Whatever the potential faults in Schopenhauer's classification are, we have dealt now with three of his four types of sufficient reason. While these three types concern three different kinds of objects – abstract spatio-temporal figures, concrete physical objects and ourselves as acting agents – the fourth type is more about representations of objects. This is in Schopenhauer's eyes the peculiarly human type of reason, and indeed, concerns our ability of reasoning. To put it shortly, this type is about the question what we can hold as true. The short answer is, of course, that we should have a reason for this. These reasons could be other truths, but here an infinite regress is not possible, Schopenhauer says. Instead, there must be a link to objects of our experiences or at least to the general formal properties characteristing the whole experience.

tiistai 11. heinäkuuta 2017

Maine de Biran: Essay on the fundaments of psychology (1812?)

When I last time considered the philosophy of Maine de Biran, we saw him follow in the footsteps of a tradition of Condillac and Cabanis, when he tried to describe different capacities of human mind considering also the viewpoint of physiology.

In Essai sure le fondements de la psychologie, not published in his life time, Maine de Biran adds to this sensualist tradition of philosophy also considerations of the traditional Cartesian and Leibnizian metaphysics, and what is even more striking, of Kant, Fichte and Schelling. Maine de Biran groups all of these philosophers together as dealing with mere abstractions, instead of the concrete embodied mind, like in the Condillacian tradition – worst example in his eyes is Schelling's philosophy of identity, which tries to start from the notion of existence common to both physical nature and human mind. Yet, he is also quick to point out that the philosophers of abstraction have some interesting contributions to the discussion of the capacities of human mind.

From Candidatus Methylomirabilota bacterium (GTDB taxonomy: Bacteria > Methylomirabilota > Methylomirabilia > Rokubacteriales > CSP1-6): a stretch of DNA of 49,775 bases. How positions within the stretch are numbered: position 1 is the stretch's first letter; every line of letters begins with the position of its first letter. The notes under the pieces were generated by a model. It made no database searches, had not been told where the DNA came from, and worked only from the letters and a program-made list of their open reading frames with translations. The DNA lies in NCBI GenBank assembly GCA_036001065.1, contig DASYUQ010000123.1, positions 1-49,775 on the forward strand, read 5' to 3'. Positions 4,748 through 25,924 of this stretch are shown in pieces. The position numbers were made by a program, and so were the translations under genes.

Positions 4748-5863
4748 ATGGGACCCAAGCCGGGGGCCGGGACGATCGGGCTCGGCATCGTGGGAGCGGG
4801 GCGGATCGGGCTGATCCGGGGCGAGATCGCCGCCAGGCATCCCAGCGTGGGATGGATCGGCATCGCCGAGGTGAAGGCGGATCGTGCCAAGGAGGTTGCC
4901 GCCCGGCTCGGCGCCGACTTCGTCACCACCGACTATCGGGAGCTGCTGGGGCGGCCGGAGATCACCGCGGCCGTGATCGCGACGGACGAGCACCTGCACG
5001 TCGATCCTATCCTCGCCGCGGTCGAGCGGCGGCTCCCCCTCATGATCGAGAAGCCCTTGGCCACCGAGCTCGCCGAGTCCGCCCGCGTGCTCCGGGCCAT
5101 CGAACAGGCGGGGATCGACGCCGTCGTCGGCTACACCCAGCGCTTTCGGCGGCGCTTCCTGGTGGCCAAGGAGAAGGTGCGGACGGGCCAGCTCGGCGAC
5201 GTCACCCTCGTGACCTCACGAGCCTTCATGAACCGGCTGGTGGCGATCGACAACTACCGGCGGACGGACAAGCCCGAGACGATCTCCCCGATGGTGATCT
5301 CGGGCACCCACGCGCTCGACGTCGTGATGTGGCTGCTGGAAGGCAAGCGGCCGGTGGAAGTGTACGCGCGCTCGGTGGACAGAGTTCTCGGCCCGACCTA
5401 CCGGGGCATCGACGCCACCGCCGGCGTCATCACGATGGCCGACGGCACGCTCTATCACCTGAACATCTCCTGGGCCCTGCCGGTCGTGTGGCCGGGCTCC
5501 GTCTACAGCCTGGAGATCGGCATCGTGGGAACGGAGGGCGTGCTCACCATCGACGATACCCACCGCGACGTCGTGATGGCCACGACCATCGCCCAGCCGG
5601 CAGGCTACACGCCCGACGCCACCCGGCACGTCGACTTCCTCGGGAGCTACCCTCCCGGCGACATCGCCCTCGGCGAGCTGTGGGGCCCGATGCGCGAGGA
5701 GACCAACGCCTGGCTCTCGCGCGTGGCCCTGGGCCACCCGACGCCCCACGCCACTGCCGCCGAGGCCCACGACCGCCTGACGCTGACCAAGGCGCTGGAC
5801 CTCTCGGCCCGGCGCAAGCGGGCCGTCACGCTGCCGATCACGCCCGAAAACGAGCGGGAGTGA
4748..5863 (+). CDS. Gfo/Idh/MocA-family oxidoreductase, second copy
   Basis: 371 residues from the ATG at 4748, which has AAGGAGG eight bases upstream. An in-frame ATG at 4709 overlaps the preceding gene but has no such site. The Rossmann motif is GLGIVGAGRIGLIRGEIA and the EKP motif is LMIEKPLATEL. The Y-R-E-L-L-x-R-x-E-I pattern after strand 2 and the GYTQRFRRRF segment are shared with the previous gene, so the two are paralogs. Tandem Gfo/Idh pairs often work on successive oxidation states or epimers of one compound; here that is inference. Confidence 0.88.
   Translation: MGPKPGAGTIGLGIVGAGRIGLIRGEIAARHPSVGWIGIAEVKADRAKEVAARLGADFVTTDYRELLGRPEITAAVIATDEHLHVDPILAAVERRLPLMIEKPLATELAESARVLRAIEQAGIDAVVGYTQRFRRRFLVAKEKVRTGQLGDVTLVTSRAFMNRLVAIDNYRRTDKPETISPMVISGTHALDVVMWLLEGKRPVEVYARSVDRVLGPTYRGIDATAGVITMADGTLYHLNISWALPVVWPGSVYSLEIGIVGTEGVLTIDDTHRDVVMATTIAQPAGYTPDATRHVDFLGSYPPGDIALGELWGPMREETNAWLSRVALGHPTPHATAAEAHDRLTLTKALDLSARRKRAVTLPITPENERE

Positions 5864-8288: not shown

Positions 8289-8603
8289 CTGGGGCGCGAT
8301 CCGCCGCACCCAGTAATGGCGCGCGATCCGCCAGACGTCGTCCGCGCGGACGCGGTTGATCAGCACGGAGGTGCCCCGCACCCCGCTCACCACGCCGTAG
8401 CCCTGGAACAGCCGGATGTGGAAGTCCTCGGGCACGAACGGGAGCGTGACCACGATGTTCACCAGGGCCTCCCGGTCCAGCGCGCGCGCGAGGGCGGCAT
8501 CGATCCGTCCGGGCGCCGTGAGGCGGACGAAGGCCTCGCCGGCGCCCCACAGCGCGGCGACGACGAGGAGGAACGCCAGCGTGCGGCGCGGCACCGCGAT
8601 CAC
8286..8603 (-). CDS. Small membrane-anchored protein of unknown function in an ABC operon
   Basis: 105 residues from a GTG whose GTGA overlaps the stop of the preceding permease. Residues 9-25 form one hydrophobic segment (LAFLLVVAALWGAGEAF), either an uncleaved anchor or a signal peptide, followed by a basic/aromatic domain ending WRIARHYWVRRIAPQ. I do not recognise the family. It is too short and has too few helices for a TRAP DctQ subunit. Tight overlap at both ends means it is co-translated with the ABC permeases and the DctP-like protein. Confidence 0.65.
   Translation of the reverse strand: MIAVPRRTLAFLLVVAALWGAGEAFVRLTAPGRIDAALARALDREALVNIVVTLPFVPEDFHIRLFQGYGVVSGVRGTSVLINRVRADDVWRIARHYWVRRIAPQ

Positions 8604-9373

One particular discovery of Kantians Maine de Biran mentions is the remark that Lockean ideas or sensations are not as simple as they appear to be, but consist of two components. One is the affection as such, the mere feeling or mood that we just passively receive in sensations (say, that something greenish in front of us). The other component is the appropriation of this feeling as belonging to me. It is just this act which turns mere feeling into a proper sensation, Maine de Biran says. Human sensation is for him, then, born of two different things. Even Descartes had an inkling of this duality in human experience, when he separated physical nature from human soul – still, Descartes made a mistake in substantialising these two different fields of experience.

But the true innovation in Maine be Biran's eyes is to be found in the Fichtean notion of I and its contrast to not-I. He is not satisfied with mere naming of these concepts, but also notes that the source of this separation lies in human striving and resistance of the environment against this striving. Because of these two elements, we regard some affections a belonging to our body – those we can change easily – while others we view as belonging to space outside us – those that we cannot change so easily. Again, this is a very Fichtean notion, although Maine de Biran tries to give this idea a more physiological twist by situating the striving in human brain.